Glucose control after severe brain injury.

Détails

ID Serval
serval:BIB_40BCEFC300F3
Type
Article: article d'un périodique ou d'un magazine.
Sous-type
Synthèse (review): revue aussi complète que possible des connaissances sur un sujet, rédigée à partir de l'analyse exhaustive des travaux publiés.
Collection
Publications
Titre
Glucose control after severe brain injury.
Périodique
Current Opinion in Clinical Nutrition and Metabolic Care
Auteur(s)
Oddo M., Schmidt J.M., Mayer S.A., Chioléro R.L.
ISSN
1363-1950
Statut éditorial
Publié
Date de publication
2008
Peer-reviewed
Oui
Volume
11
Numéro
2
Pages
134-139
Langue
anglais
Notes
Publication types: Journal Article ; Review -
Résumé
PURPOSE OF REVIEW: A substantial body of evidence supports the use of intensive insulin therapy in general critical care practice, particularly in surgical intensive care unit patients. The impact of intensive insulin therapy on the outcome of critically ill neurological patients, however, is still controversial. While avoidance of hyperglycemia is recommended in neurointensive care, no recommendations exist regarding the optimal target for systemic glucose control after severe brain injury. RECENT FINDINGS: An increase in brain metabolic demand leading to a deficiency in cerebral extracellular glucose has been observed in critically ill neurological patients and correlates with poor outcome. In this setting, a reduction of systemic glucose below 6 mmol/l with exogenous insulin has been found to exacerbate brain metabolic distress. Recent studies have confirmed these findings while showing intensive insulin therapy to have no substantial benefit on the outcome of critically ill neurological patients. SUMMARY: Questions persist regarding the optimal target for glucose control after severe brain injury. Further studies are needed to analyze the impact of intensive insulin therapy on brain glucose metabolism and outcome of critically ill neurological patients. According to the available evidence, a less restrictive target for systemic glucose control (6-10 mmol/l) may be more appropriate.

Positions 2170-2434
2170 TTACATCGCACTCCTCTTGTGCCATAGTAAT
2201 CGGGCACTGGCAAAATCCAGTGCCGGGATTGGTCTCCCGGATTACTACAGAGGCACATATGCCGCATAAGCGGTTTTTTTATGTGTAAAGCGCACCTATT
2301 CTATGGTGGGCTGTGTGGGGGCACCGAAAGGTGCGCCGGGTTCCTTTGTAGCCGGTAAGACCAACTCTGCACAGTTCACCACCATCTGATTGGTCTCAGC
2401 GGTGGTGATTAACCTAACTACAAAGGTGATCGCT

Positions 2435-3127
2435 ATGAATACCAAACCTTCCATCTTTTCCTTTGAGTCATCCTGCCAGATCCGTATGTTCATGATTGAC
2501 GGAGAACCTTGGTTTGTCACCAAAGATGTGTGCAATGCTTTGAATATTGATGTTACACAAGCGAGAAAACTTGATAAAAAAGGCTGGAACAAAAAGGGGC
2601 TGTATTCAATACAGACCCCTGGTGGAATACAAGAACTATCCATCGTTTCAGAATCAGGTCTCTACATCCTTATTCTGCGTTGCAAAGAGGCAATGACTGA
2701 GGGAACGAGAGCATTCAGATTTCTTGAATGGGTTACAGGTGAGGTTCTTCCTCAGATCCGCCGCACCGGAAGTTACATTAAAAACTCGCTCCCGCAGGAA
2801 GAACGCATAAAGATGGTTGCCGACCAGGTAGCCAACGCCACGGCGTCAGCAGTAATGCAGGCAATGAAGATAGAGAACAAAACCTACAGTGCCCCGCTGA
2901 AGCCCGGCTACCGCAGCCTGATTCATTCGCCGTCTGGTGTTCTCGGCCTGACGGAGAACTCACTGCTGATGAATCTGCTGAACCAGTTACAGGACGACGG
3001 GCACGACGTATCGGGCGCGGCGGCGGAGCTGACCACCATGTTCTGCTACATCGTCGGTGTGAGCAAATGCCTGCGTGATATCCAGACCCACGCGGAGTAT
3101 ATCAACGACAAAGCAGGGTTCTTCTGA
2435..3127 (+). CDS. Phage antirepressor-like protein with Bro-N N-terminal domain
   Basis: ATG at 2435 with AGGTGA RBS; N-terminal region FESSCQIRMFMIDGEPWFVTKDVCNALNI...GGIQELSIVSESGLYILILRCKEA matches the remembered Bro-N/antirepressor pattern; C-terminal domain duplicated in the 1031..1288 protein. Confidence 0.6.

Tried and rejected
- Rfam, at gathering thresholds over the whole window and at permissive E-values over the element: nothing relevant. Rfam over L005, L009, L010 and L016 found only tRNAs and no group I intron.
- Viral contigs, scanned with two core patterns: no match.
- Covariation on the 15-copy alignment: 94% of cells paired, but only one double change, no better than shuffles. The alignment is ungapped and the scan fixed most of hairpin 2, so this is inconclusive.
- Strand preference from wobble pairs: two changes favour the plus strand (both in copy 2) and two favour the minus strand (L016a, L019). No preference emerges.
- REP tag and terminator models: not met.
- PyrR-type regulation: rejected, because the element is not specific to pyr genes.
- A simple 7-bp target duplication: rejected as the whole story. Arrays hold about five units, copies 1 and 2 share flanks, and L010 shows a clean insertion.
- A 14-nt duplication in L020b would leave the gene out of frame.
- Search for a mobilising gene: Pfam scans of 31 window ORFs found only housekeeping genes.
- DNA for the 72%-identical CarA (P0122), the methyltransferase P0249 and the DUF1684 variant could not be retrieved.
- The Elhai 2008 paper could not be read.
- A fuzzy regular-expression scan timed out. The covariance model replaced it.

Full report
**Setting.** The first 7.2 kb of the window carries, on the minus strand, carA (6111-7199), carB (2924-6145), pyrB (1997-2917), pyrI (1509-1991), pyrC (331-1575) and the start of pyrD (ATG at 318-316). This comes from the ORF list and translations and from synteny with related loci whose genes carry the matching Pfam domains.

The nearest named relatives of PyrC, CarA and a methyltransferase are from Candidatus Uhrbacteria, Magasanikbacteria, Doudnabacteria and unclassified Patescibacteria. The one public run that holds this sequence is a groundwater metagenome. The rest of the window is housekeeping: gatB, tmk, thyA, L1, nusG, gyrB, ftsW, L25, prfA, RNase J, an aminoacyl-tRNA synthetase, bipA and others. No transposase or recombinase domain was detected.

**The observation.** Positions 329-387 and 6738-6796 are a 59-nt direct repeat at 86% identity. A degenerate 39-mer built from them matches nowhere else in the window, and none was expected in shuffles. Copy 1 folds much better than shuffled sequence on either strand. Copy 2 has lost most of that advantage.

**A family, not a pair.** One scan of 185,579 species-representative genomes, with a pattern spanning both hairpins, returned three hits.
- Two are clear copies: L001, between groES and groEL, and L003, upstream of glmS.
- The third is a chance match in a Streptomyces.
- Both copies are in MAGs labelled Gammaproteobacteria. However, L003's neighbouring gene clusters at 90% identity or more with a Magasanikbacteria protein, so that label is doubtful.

Mots-clé
Blood Glucose/metabolism, Brain Injuries/metabolism, Critical Care/methods, Critical Illness, Humans, Hypoglycemic Agents/therapeutic use, Insulin/therapeutic use, Prognosis, Treatment Outcome
Pubmed
Web of science
Création de la notice
13/10/2009 12:03
Dernière modification de la notice
03/03/2018 16:29
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